Falls in potential output growth and private fixed investment were among the unsurprising consequences of the global economic crisis. Despite signs of a return to growth, the economic recovery remains fragile in a number of advanced and emerging market economies. Weak private investment is both a driver and a result of low medium-term growth prospects. The analytical chapters of the IMF’s April 2015 World Economic Outlook focus on these two topics.
What emerges is a tale of diverging narratives for advanced and emerging economies. The fall in potential output growth in advanced countries started well before the crisis, and has worsened further since then. Private investment in advanced economies also contracted sharply. Meanwhile, in emerging market economies the decline in potential output growth only began after the crisis, and private investment has slowed more gradually.
- What are the underlying causes of these developments?
- Why are the stories of advanced and emerging economies so different?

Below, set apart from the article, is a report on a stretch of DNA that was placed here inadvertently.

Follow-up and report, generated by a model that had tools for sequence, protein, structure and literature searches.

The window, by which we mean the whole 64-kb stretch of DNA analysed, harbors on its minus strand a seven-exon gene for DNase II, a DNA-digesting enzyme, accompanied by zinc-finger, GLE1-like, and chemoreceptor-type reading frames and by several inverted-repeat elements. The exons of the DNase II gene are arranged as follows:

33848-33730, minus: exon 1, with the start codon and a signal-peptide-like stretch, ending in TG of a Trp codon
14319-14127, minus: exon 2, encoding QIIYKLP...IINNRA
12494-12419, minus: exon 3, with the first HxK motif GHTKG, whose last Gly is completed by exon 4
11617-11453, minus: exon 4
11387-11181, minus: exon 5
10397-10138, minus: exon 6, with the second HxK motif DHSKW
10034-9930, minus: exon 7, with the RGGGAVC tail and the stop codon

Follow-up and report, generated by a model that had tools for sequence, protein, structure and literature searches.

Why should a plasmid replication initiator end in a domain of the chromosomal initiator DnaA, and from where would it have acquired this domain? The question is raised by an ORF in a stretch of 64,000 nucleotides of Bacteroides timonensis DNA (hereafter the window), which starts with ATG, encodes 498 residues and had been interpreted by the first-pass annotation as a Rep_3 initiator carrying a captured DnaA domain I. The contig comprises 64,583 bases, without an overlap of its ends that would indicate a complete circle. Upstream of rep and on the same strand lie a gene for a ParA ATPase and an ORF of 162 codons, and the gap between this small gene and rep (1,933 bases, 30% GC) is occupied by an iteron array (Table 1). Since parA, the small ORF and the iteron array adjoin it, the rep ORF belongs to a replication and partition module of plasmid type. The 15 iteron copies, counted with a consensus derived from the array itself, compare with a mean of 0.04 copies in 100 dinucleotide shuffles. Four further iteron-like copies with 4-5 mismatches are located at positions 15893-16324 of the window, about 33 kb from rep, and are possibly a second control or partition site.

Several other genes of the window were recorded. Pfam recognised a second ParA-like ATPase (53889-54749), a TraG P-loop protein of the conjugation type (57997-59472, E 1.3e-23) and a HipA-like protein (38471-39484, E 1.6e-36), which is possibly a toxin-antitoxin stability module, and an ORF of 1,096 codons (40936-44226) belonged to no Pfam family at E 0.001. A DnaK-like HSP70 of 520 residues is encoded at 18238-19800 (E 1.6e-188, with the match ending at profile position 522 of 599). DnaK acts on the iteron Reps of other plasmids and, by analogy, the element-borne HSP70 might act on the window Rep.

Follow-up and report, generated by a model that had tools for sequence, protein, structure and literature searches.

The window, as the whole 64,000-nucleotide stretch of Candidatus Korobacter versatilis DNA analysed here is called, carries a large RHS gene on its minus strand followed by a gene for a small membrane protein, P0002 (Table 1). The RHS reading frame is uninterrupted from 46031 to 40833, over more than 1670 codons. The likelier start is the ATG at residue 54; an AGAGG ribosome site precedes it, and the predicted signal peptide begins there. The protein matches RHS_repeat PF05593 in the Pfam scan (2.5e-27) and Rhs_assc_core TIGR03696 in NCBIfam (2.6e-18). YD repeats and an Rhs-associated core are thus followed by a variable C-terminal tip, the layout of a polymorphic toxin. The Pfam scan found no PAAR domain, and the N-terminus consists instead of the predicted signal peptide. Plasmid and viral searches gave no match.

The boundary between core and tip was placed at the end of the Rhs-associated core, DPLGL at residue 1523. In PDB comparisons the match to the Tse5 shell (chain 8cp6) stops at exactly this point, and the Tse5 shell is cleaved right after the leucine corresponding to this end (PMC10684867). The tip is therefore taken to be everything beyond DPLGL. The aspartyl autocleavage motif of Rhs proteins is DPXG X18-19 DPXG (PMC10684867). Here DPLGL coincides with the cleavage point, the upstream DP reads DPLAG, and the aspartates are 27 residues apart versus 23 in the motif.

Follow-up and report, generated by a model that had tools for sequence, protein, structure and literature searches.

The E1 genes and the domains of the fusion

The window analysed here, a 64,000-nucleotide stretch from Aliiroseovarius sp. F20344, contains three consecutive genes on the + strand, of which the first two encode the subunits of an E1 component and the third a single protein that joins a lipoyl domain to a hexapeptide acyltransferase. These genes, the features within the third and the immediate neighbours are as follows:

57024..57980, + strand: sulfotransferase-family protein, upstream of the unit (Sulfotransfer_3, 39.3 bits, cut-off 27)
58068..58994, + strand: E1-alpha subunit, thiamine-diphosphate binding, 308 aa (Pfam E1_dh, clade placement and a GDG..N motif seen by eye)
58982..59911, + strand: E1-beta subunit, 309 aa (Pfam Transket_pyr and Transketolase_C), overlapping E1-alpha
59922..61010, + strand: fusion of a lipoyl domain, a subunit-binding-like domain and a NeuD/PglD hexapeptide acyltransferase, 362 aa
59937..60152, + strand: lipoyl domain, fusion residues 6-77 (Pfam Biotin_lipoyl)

- What are the prospects for a possible revival of private investment and potential output growth?
- What policy measures could be taken to encourage this?
A presentation by Roberto Garcia-Saltos and Daniel Leigh, key contributors to the IMF report, was followed by comments from Zsolt Darvas and an open debate chaired by Guntram Wolff.
- Roberto Garcia-Saltos, deputy division chief, Economic Modeling Division of IMF Research Department
- Daniel Leigh, deputy division chief, IMF Research Department
- Zsolt Darvas, senior fellow, Bruegel
- Chair: Guntram Wolff, director, Bruegel
- A summary of the discussion -
- The IMF's April 2015 World Economic Outlook.
- The presentation given by Roberto Garcia-Saltos -
- The presentation given by Daniel Leigh -
- The response presentation given by Zsolt Darvas -
- Venue: Bruegel, Rue de la Charité 33, 1210 Brussels
- Time: Wednesday 29 April 2015, 13:00-14:30 (lunch at 12.30)
- Contact: Matilda Sevón, Events Manager - [email protected]